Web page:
is fashion art? A simple question conceals the complex universe of an articulated relationship that has long been investigated, but without arriving at a clear and unequivocal definition. This project analyses the forms of dialogue between these two worlds: reciprocal inspirations, overlaps and collaborations, from the experiences of the Pre-Raphaelites to those of Futurism, and from Surrealism to Radical Fashion. The exhibition itinerary focuses on the work of Salvatore Ferragamo, who was fascinated and inspired by the avant-garde art movements of the 20th century, on several ateliers of the Fifties and Sixties that were venues for studies and encounters, and on the advent of the culture of celebrities. It then examines the experimentation of the Nineties and goes on to ponder whether in the contemporary cultural industry we can still talk about two separate worlds or if we are instead dealing with a fluid interplay of roles.
This simple question hides the complex universe of an articulated relationship, which has been investigated for a long time over time, without ever reaching a clear or unambiguous definition. Fashion – for its need to be functional and therefore to refer concretely to real life, as well as for its link with craftsmanship and industry – seems to be far from the ideal of art pour arte, a concept that however, it was not always representative even of the art world. Andy Warhol taught us that the uniqueness of the work of art no longer coincides with the artistic production and today the exhibitions of fashion designers proliferate and stylists welcome the practices of contemporary art with availability. Is it still possible, in this context, to speak of the dichotomy between art and fashion as happened in the last century?
This project analyzes the forms of dialogue between these two worlds: contaminations, overlaps and collaborations. From the experiences of the Pre-Raphaelites to those of Futurism, from Surrealism to Radical Fashion. The path focuses on the work of Salvatore Ferragamo, fascinated and inspired by the artistic avant-garde of the twentieth century; on some ateliers of the fifties and sixties, a place of study and meetings, and on the birth of the culture of celebrity, to continue with the experiments of the nineties and get to wonder if in the contemporary cultural industry we can still talk about two worlds distinct, or if instead we are faced with a fluid game of roles.
The peculiarity of the exhibition plan lies in the collaboration of several cultural institutions and in the location of the exhibition in various locations: in addition to the Salvatore Ferragamo Museum, promoter and organizer of the project together with the Ferragamo Foundation, they host the various exhibitions in Florence, the Central National Library, the Galleries degli Uffizi (Modern Art Gallery of Palazzo Pitti), the Marino Marini Museum and, in Prato, the Textile Museum
The institutions involved actively participated in the realization of the idea, with the aim of inviting a common reflection.
It is a tribute to the Salvatore Ferragamo Museum that curated and conceived the project and a symbol: on the one hand a decorative element, essential to the aesthetics of a 1958 model by Salvatore Ferragamo, the Tirassegno décolleté, and on the other a work by one of the great American artists of the second half of the twentieth century, Kenneth Noland, who was an inspiration.
The exhibition at the Salvatore Ferragamo Museum has four curators, Stefania Ricci, director of the Salvatore Ferragamo Museum, Maria Luisa Frisa, Enrica Morini, Alberto Salvadori, who with their different skills and personalities have collaborated day after day in the construction of the route, together with the directors and to the managers of the various institutions who participated in the initiative with enthusiasm and spirit of collaboration and to the authors of the catalog, who helped the curators in the final choice of the works, making available their knowledge and their professional experiences. There are many loans from the most prestigious public and private collections, national and international, which give the exhibition an international feel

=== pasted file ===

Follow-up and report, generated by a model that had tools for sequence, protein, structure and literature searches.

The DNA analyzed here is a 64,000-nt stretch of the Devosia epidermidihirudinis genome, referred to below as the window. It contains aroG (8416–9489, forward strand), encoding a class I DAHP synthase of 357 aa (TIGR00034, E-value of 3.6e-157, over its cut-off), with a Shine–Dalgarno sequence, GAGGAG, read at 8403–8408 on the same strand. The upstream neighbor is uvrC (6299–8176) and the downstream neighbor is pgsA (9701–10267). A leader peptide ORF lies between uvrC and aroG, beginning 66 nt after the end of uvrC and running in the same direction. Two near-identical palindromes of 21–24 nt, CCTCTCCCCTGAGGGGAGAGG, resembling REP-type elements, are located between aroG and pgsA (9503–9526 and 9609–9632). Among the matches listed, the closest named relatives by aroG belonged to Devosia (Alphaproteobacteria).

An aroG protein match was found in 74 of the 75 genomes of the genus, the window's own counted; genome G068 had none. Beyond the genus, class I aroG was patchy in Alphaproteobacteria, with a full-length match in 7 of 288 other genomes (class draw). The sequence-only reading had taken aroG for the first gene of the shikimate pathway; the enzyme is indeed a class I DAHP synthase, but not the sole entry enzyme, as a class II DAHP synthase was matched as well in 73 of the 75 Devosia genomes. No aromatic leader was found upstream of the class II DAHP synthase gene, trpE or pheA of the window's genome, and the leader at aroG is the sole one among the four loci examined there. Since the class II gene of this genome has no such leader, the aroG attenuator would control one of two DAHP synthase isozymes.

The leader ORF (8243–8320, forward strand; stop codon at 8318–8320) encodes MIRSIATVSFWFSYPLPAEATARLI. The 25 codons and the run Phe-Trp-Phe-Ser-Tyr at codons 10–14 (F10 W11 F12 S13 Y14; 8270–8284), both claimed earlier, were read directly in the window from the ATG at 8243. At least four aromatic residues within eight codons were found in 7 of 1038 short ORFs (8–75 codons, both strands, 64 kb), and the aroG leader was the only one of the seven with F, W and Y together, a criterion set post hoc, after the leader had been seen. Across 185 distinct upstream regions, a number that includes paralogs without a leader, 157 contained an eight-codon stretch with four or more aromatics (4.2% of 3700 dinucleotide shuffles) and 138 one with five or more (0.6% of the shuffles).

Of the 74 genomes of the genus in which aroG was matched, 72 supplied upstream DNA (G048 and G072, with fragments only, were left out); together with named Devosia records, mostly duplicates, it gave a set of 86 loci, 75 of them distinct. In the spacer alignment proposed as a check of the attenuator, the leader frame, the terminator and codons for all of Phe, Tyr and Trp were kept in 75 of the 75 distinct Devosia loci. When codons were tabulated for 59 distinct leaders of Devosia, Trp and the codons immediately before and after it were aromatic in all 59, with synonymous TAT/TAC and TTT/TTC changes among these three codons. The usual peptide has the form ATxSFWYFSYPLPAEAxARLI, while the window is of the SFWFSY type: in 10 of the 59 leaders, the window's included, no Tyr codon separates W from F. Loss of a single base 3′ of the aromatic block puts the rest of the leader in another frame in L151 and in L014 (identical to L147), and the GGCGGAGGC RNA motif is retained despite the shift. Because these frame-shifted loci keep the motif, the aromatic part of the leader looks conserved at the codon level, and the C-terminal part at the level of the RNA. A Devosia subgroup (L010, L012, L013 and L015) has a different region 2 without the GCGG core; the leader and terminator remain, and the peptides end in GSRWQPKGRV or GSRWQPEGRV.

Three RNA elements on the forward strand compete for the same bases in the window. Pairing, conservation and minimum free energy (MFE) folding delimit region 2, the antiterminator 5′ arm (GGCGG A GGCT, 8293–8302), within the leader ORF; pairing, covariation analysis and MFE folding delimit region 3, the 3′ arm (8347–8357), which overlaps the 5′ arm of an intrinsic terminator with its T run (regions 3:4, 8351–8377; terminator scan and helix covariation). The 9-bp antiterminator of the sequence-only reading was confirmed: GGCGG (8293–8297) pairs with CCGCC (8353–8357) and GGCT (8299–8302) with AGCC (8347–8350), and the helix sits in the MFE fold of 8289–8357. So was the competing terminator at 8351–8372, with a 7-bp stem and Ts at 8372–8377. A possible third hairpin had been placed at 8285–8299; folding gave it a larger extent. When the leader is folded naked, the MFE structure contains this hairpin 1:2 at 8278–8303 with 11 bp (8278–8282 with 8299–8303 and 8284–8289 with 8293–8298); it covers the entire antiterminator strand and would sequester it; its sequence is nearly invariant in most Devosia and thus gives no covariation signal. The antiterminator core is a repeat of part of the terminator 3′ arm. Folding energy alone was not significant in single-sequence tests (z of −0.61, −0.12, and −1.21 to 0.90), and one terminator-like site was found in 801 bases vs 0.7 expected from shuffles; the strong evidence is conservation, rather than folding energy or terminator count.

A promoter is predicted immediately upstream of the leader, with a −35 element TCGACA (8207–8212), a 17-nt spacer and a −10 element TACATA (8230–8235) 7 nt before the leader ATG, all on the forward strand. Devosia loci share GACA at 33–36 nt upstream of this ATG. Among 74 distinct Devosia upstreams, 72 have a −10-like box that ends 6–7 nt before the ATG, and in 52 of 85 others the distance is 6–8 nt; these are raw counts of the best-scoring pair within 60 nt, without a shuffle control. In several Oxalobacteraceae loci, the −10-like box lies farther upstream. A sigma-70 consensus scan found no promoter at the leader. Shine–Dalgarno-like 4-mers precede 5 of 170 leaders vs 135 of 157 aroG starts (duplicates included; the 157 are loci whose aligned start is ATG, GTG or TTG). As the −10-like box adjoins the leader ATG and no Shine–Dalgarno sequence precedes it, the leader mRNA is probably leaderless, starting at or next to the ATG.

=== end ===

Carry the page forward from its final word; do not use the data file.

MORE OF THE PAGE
Salvatore Ferragamo Museum
The Salvatore Ferragamo Museum in Florence, Italy is a fashion museum dedicated to the life and work of Italian shoe designer Salvatore Ferragamo and his eponymous company. The museum contains 10,000 models of shoes created and owned by Ferragamo from the 1920s until his death in 1960. Following Ferragamo’s death the collection was expanded by his widow and children. The museum also includes films, press cuttings, advertising materials, clothes and accessories from the 1950s to the present day.
The Ferragamo family founded the museum in May 1995 to acquaint an international audience with the artistic qualities of Salvatore Ferragamo and the role he played in the history of not only shoes but international fashion as well.
Like most corporate museums, Museo Salvatore Ferragamo and its archives stem from the vision of an entrepreneur, in this case Salvatore Ferragamo’s widow, Wanda, who has headed the company since the founder’s death in 1960, and her six children. In particular, the eldest of their children, Fiamma, who managed the company’s core footwear and leather goods business after her father’s death, stood at this project’s helm on behalf of her family and brought it to life, shaping its strategy with the assistance of historians and archivists.
The idea for the museum initially came about when an exhibition was organised at Palazzo Strozzi on the history of Salvatore Ferragamo. The exhibition went on tour and was hosted by some of the world’s most prestigious museums, such as the Victoria and Albert in London, the County Museum of Los Angeles, the New York Guggenheim, the Sogetsu Kai Foundation in Tokyo, and the Museo de Bellas Artes in Mexico. The temporary exhibition gradually became permanent.
In recognition of the museum’s cultural importance and that of its many initiatives over the years, in 1999, Salvatore Ferragamo received the Guggenheim Impresa e Cultura Award, given annually to companies that best invest in culture to constructive ends. The museum is located in the historical centre of Florence, in Palazzo Spini Ferroni, which has also been the company’s headquarters since 1938.